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Assignment Description

Due: Friday Nov 4, 23:59:59 IST

You will write the OpenGL rendering and interaction part of a very simple game engine. We supply you with the geometry and textures of 5 maps from the Half-Life series, and we load this into an internal mesh structure for you. Your responsibility is to render this map, and allow the user to fly through it.

IMPORTANT, LICENSING ISSUES: This project uses maps from the Half-Life commercial engine. We are supplying this, and using it, in a purely educational manner. YOU ARE NOT ALLOWED TO REDISTRIBUTE ANY OF THIS DATA, OR USE IT FOR ANYTHING BEYOND THIS CLASS. In an effort to make the course relevant and interesting we are supplying you this data, but all copyright is still held by Valve Inc.

Skeleton Code

Download skeleton code here
Download map files here

Please ensure the GLUT library and headers are installed on your system. On Macs, it is usually installed by default. On Linux, try FreeGLUT.

Minimum Specifications

This project includes both the programming of an OpenGL application, as well as the more trial-and-error process of configuring your program to open with a reasonable view of the map you're loading. We suggest working through features in the order listed.

  1. Render all the polygons inside OBJMesh.
    • Each polygon is stored as an OBJFace (See MeshInfo.hpp)
    • Start by rendering each polygon with the color of the material associated with it.
    • The materialId integer in OBJFace corresponds to the index of this polygon's material inside the materials array inside OBJMesh
  2. Implement controls to move through the scene. You need to support:
    • Keyboard controls moving forwards and backwards (translating along the camera's z-axis)
    • Keyboard controls for looking left and right (rotating in horizontal plane, around camera's y-axis)
    • Keyboard controls for looking up and down (rotating around camera's x-axis)
    • Make the default position that the camera displays when the program launches be looking down on the map, ensuring that the whole map is visible. You can, for extra credit, implement something different that initializes the camera in a specific place within the map. This is specially relevant if you implement the "Gravity" part of the extra credit section -- in this case your default position should not start out as looking down on the map, but be somewhere on the ground plane inside the map.
  3. Implement a Phong shader in GLSL using the provided shading framework.
    • Use Shader::setUniform to pass uniforms to the shader variables you create.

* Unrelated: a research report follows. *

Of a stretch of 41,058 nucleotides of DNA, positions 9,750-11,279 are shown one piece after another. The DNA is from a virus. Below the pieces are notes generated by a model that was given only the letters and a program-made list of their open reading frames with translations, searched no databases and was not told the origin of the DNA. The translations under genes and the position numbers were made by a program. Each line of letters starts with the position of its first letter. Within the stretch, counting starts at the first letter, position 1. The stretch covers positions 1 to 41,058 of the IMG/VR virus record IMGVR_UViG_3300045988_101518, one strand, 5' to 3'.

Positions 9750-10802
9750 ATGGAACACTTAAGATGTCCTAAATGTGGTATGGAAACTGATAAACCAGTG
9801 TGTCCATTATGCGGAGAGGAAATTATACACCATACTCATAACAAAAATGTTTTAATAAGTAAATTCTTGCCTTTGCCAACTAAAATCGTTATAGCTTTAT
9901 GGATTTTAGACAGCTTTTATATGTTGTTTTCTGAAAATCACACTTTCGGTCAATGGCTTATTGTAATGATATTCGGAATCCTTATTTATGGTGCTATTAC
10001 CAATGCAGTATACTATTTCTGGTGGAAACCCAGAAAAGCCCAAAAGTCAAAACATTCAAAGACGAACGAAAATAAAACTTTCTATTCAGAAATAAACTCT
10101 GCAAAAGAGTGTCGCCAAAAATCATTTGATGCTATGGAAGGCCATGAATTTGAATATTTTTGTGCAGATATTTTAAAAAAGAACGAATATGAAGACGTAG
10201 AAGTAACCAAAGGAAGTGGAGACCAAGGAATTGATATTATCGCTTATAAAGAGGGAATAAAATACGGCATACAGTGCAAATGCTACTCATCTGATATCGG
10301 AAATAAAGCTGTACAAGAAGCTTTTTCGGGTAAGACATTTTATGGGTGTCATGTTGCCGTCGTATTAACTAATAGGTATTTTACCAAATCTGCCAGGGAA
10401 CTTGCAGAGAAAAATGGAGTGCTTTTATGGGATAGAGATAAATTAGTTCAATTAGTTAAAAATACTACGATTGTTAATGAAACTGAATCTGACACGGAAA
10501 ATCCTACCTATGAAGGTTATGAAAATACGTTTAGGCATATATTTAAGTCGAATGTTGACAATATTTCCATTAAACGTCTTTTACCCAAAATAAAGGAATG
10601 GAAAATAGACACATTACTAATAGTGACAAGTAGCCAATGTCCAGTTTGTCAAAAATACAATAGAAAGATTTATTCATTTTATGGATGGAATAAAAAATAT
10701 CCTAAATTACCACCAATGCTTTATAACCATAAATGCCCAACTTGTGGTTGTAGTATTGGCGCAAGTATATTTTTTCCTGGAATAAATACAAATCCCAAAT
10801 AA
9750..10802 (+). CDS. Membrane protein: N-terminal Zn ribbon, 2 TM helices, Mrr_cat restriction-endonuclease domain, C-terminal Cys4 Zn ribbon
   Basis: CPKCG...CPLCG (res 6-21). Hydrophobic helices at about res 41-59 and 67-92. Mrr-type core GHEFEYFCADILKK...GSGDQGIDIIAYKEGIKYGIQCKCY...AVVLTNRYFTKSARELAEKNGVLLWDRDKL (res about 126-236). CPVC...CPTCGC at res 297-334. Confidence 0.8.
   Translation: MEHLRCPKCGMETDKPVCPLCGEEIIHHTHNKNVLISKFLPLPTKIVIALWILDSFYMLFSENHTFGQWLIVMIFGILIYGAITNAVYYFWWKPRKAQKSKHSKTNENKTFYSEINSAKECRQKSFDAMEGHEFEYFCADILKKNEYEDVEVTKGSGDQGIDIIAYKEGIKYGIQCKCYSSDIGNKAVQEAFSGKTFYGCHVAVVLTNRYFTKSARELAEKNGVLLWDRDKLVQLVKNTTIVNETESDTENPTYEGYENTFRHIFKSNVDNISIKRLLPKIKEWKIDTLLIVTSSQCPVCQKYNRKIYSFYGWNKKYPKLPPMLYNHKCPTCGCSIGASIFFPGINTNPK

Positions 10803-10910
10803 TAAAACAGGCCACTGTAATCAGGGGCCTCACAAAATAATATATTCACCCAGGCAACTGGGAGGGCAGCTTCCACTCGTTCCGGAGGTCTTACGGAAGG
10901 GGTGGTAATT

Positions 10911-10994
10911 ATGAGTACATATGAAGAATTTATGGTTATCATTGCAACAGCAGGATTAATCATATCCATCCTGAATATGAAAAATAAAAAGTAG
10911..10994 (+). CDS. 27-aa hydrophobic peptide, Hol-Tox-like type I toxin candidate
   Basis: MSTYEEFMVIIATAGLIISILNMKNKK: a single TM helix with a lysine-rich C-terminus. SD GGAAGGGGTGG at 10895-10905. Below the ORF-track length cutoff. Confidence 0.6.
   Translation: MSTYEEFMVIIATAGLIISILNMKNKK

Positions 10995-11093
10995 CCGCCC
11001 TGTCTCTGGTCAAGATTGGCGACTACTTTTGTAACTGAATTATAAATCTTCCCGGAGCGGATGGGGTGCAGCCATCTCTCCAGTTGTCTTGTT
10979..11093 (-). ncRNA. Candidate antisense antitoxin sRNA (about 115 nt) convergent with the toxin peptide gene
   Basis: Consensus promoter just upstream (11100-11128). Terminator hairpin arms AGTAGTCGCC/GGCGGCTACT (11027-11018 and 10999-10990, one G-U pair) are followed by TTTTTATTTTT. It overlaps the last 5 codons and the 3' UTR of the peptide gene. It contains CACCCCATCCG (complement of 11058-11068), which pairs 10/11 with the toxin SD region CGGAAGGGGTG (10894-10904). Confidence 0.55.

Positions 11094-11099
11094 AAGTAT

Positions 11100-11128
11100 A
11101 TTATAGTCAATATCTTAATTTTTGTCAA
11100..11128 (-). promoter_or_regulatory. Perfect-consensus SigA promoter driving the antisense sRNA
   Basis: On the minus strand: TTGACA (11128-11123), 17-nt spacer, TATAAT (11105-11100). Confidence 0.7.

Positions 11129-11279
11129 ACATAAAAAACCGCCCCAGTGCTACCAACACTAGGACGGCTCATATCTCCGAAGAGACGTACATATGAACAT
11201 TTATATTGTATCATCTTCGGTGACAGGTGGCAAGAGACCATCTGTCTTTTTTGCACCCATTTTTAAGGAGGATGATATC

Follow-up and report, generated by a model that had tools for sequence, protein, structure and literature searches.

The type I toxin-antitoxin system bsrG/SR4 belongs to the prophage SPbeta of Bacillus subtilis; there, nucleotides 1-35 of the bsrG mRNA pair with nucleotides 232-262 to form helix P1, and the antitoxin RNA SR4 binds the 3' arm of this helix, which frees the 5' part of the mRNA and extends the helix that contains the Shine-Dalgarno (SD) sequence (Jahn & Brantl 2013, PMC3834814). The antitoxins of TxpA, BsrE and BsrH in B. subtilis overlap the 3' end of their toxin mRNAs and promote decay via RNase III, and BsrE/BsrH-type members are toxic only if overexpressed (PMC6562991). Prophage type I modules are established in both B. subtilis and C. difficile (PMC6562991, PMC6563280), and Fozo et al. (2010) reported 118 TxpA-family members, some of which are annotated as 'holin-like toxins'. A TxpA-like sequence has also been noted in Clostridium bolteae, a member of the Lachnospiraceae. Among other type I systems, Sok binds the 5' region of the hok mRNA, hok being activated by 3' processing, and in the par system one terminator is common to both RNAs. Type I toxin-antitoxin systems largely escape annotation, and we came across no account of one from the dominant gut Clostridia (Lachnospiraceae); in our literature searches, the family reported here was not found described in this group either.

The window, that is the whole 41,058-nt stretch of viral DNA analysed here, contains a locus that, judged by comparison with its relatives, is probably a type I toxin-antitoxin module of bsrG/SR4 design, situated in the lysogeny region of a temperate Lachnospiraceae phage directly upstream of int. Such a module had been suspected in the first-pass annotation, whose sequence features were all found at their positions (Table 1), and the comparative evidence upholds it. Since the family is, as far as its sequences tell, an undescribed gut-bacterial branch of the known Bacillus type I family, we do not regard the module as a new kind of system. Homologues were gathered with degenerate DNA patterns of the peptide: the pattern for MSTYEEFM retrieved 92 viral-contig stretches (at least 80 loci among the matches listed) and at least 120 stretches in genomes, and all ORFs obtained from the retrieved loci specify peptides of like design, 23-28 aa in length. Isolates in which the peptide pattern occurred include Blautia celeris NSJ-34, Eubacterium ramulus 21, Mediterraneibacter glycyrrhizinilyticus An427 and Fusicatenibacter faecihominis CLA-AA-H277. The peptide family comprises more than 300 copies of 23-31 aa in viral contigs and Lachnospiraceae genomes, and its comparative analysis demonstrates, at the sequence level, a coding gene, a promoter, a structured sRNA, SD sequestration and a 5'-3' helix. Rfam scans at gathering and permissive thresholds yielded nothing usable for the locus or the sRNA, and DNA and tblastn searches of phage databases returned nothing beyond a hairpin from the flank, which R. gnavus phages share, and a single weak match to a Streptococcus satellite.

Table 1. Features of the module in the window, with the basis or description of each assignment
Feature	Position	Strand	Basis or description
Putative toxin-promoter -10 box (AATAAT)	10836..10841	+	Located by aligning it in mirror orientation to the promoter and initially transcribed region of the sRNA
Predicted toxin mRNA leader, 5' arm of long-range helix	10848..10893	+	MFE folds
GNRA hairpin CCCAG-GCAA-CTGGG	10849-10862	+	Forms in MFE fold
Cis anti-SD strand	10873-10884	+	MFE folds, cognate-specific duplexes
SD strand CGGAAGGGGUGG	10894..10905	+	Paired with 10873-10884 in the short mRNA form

• Read the color of each polygon from its associated material.
    • Use the global material properties read from the command line. This is stored inside the Scene object as material. The Phong formula is the same as in A3.
    • Light the mesh using two directional lights. Use the bounding box we make available inside OBJMesh to configure the directional lights in a sane manner. Offset the two lights in opposite directions, so that it creates the effect of having two suns in different parts of the sky falling onto the map. To do this, you can, for example, model it as a light coming from a directional orthogonal to the largest side of the bounding box.
  4. Texture map each polygon by passing the texture map for this polygon to the GLSL shader.
    • The materialId integer in OBJFace corresponds to the index of this polygon's material inside the materials array inside OBJMesh. This material holds the specific texture map information for this polygon. Use Common.hpp's createGLTexture function to convert a bitmap image to an OpenGL texture stored on the GPU, and store the texture id using the variable we provide in the material class.
    • You will need to modify the GLSL shader to use this texture map. To specify the current texture, call Shader::setUniform with the ID of the texture.

Extra Credit

We will be awarding extra credit up to 25% of the assignment total. We will be awarding credit roughly proportional to the order of these ideas:

Implementation Hints

To start off, please read the MeshInfo.hpp header file that describes the whole internal mesh format. Understand how to access different types of elements -- there is some sample code in Scene.cpp that shows you how to query the mesh for data.

Look at the main() function to see all the OpenGL configuration we do.

TODO comments appear inside the code. Fill things in here. If you need to go beyond the skeleton or modify things to your own liking, feel free to do so.

Submission Instructions

Please submit a zip of your assignment directory, named <your-roll-number>.zip (e.g. 123456789.zip), containing:

Do NOT submit object/executable files or any other data. Run make clean before zipping.